Surrey Police Chief Constable Lynne Owens is awarded a CBE for her services to policing and criminal justice in the Queen's birthday honours.
She began her police career in the Metropolitan Police Service in 1989, posted to Catford in South East London.
She transferred to Kent Police on promotion to Sergeant, where she trained and specialised as a detective. As a Detective Chief Inspector she was posted to the force major crime department as a Senior Investigating officer.
On transferring to Surrey in 2002, Lynne became a BCU Commander of a division. She progressed through the ranks to temporary Deputy Chief Constable transferring from Surrey to the Metropolitan Police Service in April 2009 having been appointed Deputy Assistant Commissioner responsible for Operations within Territorial Policing.
In December 2010 she took up post as an Assistant Commissioner as part of the MPS Management Board. She led on public order and event policing, including the delivery of the Royal Wedding in 2011, as well as other, predominantly specialist uniformed policing services. From August 2011 she was also responsible for the Specialist Crime Directorate.
She was appointed Chief Constable of Surrey Police in February 2012. During this time she has also had national policing responsibilities, currently she leads the National Police Chief's Council (formally Association of Chief Police Officers) Coordination Committee for Operations, and the portfolio, under the Criminal Justice Coordination Committee, for Charging and Out of Court Disposals.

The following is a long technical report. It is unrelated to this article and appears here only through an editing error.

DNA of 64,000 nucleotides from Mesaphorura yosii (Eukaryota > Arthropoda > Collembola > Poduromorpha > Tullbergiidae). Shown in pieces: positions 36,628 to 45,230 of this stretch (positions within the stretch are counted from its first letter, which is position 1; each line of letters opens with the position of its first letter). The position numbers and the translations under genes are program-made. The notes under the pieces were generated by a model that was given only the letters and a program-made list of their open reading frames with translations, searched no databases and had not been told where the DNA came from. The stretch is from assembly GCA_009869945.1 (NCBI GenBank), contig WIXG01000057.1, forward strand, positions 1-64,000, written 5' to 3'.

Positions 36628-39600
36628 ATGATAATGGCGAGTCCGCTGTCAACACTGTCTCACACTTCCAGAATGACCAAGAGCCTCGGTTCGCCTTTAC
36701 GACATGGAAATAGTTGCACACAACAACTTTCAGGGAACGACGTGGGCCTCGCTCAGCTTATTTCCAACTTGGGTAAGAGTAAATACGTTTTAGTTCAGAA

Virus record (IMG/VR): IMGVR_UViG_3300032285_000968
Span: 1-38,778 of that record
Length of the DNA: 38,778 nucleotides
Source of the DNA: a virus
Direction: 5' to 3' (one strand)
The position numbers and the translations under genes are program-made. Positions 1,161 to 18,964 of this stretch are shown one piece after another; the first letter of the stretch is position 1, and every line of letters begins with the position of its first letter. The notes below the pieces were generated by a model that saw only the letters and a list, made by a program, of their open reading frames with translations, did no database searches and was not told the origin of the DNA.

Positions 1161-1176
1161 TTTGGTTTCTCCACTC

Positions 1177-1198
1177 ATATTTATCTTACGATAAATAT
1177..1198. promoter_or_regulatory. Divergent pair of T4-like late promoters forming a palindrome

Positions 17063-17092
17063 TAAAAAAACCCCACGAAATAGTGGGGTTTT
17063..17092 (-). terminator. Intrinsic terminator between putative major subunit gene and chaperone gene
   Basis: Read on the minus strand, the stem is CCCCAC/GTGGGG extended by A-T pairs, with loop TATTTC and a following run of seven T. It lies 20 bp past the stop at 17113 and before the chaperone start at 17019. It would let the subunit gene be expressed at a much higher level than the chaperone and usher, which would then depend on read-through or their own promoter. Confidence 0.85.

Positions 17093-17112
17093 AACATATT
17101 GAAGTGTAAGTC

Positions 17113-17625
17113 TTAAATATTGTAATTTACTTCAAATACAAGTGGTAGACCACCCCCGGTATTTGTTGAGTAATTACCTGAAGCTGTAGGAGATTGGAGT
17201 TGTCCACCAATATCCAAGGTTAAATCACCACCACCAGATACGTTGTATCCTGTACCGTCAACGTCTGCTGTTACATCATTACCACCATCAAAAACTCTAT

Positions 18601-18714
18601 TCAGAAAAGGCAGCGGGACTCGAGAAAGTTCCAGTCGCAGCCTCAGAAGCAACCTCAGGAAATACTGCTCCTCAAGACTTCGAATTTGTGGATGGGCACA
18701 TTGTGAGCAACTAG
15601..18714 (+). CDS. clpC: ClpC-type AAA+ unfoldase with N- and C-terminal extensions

She also represents the police service on The Sentencing Council and the Criminal Procedure Rules Committee.
She was awarded the Queen's Police Medal for distinguished service in the New Year's Honours (2008).
"I confess to being completely gobsmacked! Of course I am honoured to receive such recognition but it more widely reflects the many absolutely outstanding officers and staff I have been privileged to work alongside during my police service.”
"It is wonderful to see a professional and passionate police leader recognised in this way, and I'm particularly delighted that it is recognition for one of the most senior female officers in the country. She is a role model for officers of all genders. We in Surrey are very lucky to have such a capable police chief and it is why we have the safest county in the country. I send Lynne my heartiest congratulations.”